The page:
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Genetic variation among Stipa grandis P. Smirn populations with different durations of fencing in the Inner Mongolian Steppe
The genetic structure of a population should be carefully considered in ecological restoration because it may play a critical role in maintaining the persistence of a restored ecosystem. In the present study, we examined genetic diversity and genetic structure of Stipa grandis P. Smirn populations from fenced and grazed plots using amplified fragment length polymorphism markers. Molecular genetic variation showed that the genetic diversity of the fenced populations was greater compared with the overgrazed population. There was a significant variation among the populations (Fst=0.3689, P less than 0.001) by AMOVA analysis, and the gene flow was 0.4039 among the populations. The results from a comparison of limited morphological characteristics and from an unweighted pair group method with arithmetic mean cluster analysis and non-metric multi-dimensional scaling analysis suggested that genetic differentiation had occurred between the fenced populations and the grazed populations. The largest genetic diversity was in the moderately grazed population, which might be related to higher population density and greater sexual reproduction due to less disturbances in the plots. The genetic diversity of the long-term (24 years) fenced population was similar to that of a short-term fenced population (fenced for 11 years). These results suggested that the genetic diversity in the overgrazed population might be increased to some extent through fencing, but this effect did not occur beyond 11 years.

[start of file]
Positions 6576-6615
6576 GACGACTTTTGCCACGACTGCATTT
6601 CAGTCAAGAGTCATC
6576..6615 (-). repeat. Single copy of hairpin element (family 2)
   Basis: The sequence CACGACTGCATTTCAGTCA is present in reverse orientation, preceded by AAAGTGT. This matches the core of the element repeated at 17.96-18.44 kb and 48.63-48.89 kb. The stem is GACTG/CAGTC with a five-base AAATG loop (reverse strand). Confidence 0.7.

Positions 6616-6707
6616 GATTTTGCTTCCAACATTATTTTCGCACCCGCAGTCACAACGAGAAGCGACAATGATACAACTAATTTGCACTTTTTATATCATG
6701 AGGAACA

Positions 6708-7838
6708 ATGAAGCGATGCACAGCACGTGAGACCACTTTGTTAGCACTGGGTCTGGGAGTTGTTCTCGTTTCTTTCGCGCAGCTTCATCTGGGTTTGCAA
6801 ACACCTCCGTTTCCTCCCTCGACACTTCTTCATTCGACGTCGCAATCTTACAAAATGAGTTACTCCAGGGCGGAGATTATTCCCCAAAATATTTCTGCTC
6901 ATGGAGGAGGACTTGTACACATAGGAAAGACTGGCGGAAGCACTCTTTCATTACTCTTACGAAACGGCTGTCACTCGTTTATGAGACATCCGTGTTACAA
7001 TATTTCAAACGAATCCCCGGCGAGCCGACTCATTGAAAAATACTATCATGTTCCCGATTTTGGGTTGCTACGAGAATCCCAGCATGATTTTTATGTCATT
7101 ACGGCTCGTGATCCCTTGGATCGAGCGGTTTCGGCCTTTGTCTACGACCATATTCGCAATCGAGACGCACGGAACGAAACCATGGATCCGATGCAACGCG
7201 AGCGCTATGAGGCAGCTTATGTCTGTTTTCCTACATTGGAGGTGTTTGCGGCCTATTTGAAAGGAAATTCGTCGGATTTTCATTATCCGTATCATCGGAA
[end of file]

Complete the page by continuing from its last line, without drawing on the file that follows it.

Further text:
Name of Journal:
The Rangeland Journal